Wirral & District Amateur Radio Club

Amateur Radio Licensing & Exams

A Licence for Amateur Radio is achieved through a structured suite of three examinations.  Each is designed to extend facilities available to the licensee on the many amateur radio frequencies, modes and power levels as a result of a proven progress in learning and proficiency.  The following is a summary.  If you are already licensed please check your licence for precise details.

Most UK amateur bands between 135.7 kHz and 10500 MHz but not 1280 - 5850MHz

1W max on 135.7-137.8kHz
1W max on 10000 - 10500MHz
10W max all other bands

YES Morse assessment

All amateur bands allocated in the UK
1W max on 135.7-137.8kHz
32W max on 1.85 - 2.0MHz
40W max on 430 - 432MHz
50W max all other bands
All amateur bands allocated in the UK
1W max on 135.7-137.8kHz
32W max on 1.85 - 2.0MHz
100W max on 51.0 - 52.0MHz
160W max on 70.0 - 70.5MHz
400W max all other bands

All prospective amateur radio operators must demonstrate a suitable level of competence and proficiency as a prerequisite to holding a UK amateur radio licence.

The Foundation Licence is the entry level examination, designed to get you going, with most of the training of a practical nature.  There is a small amount of radio and electronics theory - just enough to appreciate basic concepts such as safety, using the correct fuses in your equipment, simple operating procedures and how to build an antenna to get the most out of your radio station.  The courses are run in an informal atmosphere by experienced radio amateurs, and usually takes about 10-12 hours of study / practical work.  Once complete, it is an accepted qualification to progress to the Intermediate Licence course.

The course for the Intermediate Licence is longer than the Foundation one, and aims to teach many of the fundamentals of radio by undertaking practical tasks such as soldering, building a small project and a variety of other exercises .. building on the experience gained as a Foundation licence holder.  After completing the course, candidates sit the Intermediate examination which is a multiple choice exam based on what was learned on the course. The Intermediate licence in turn is an accepted qualification to progress to the Advanced Licence course, also sometimes referred to as the 'Full' amateur radio licence with associated benefits for the licensee.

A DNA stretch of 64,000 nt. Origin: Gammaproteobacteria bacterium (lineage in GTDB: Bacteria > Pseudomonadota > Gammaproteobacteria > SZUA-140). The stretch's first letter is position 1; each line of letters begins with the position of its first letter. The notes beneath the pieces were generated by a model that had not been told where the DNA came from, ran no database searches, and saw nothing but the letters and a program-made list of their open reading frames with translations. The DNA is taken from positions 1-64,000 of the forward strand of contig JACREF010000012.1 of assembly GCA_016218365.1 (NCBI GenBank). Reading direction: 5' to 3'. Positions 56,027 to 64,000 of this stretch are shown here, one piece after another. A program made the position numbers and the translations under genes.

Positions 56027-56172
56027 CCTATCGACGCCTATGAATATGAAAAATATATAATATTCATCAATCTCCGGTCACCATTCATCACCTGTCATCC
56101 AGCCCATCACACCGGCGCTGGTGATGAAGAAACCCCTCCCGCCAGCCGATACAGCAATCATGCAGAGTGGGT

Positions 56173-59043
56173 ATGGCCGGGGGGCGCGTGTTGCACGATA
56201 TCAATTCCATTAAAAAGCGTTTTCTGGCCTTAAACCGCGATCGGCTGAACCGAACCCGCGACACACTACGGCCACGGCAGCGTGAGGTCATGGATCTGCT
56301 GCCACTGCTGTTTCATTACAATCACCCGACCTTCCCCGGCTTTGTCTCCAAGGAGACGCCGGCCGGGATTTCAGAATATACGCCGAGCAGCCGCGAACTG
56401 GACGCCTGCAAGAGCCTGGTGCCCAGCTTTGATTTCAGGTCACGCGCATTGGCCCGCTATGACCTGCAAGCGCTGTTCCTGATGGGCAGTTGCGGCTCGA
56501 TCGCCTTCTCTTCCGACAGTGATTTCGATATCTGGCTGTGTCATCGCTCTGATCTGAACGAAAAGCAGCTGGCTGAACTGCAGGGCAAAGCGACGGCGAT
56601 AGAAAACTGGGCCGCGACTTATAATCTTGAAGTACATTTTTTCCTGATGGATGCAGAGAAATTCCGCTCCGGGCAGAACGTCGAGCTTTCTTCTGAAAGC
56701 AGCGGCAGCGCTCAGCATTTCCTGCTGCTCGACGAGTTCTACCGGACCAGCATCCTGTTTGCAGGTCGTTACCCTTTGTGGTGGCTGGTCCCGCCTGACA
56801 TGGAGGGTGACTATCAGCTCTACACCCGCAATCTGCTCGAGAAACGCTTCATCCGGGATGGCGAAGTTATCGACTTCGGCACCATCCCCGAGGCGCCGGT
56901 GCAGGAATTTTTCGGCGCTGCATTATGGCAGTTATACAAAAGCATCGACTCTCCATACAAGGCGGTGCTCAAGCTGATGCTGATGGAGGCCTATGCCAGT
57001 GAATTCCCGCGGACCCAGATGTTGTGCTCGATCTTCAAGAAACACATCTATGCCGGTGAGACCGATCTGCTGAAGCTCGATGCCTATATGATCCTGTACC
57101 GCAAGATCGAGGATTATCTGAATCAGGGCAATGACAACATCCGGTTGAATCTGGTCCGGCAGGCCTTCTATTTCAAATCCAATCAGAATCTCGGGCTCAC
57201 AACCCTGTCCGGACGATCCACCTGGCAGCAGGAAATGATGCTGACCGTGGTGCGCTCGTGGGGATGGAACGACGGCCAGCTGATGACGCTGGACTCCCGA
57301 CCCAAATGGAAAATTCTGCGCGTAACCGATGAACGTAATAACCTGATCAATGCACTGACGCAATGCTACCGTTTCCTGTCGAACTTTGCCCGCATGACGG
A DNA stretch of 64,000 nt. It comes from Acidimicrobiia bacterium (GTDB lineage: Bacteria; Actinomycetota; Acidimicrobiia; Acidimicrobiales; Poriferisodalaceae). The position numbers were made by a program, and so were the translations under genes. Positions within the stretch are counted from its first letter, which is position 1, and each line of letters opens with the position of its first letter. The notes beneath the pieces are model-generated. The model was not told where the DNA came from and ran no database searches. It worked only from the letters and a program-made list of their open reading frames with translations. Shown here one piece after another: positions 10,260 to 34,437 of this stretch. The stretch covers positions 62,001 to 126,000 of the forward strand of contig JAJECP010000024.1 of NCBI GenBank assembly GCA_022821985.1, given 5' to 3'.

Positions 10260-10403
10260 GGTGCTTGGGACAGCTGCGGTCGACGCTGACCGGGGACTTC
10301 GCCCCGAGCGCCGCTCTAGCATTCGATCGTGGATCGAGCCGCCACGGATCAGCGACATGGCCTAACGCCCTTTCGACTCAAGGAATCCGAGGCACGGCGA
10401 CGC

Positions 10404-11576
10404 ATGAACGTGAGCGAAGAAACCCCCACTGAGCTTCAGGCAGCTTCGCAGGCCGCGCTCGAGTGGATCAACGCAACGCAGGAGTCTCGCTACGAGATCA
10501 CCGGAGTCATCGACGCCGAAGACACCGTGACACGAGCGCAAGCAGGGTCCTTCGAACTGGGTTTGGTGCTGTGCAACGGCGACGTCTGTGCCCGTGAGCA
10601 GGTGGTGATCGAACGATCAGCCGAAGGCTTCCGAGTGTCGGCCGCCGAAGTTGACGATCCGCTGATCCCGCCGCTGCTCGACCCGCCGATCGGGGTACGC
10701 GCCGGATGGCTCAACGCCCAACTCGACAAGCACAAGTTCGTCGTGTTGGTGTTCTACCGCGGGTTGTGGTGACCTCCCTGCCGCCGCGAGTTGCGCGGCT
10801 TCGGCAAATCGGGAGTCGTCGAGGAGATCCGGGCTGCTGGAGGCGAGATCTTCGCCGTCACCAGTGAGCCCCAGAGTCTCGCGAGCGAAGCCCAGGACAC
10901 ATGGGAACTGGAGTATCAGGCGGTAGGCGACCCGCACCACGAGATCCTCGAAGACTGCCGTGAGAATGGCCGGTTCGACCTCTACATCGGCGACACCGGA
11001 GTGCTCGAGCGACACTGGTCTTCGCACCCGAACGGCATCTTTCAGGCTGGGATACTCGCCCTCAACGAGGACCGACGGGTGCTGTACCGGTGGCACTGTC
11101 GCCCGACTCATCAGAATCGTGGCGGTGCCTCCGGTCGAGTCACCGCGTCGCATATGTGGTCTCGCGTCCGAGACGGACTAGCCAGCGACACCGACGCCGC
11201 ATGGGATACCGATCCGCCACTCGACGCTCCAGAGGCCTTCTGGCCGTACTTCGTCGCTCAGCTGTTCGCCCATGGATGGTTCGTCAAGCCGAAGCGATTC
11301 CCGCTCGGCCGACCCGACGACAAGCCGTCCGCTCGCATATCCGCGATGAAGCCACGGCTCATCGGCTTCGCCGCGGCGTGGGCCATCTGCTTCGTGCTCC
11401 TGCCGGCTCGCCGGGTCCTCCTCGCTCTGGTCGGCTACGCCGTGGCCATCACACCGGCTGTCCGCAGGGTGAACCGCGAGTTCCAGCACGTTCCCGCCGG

The Advanced Radio Communication Examination is more advanced than the Intermediate, and replaces the old City & Guilds RAE.  It, again, covers radio theory and licence conditions but because holding a full licence enables you to use 400 Watts power output to your transmitter, such subjects as Electro Magnetic Compatibility (EMC), antenna design and safety issues are covered in greater depth. This licence allows access to all the amateur allocations including those above 30MHz with full power.

CHANGES to the Syllabus and Exams in 2019

Changes to the Amateur Radio examinations are being made in 2019 to keep them up to date and include at the same time small tweaks between the different levels of examination.  This web page is being written in February 2019 and the adoption of the changes will be made from the next examinations planned to be held in September 2019.

In order that you can start preparing for your new training, the RSGB (Radio Society of Great Britain) have provided documents to help you see what has changed in the Syllabus for 2019 at each of the three levels.  You can see what is new and what has been moved between levels etc.

The following link will open a new page on the RSGB website and provide you will all the current information to help you find what you need to know to plan your next exam.  If you are not sure what to do next you can always call into a club meeting of the Wirral & District Amateur Radio Club and speak to someone who will hopefully be able to answer your query or at least find out for you.

RSGB License EXAMS and download New Syllabus pdf for 2019

You are also most welcome to visit us on any Club night (without charge)
(Check our
"Calendar" on our left hand main menu to see where we are)

British Licensing over the years

This excellent link explains the Current Amateur Radio Callsigns operating in the United Kingdom, the various callsigns by Region and Classes of Licence, and finally a compete history of callsigns issued in the UK since the 1890's.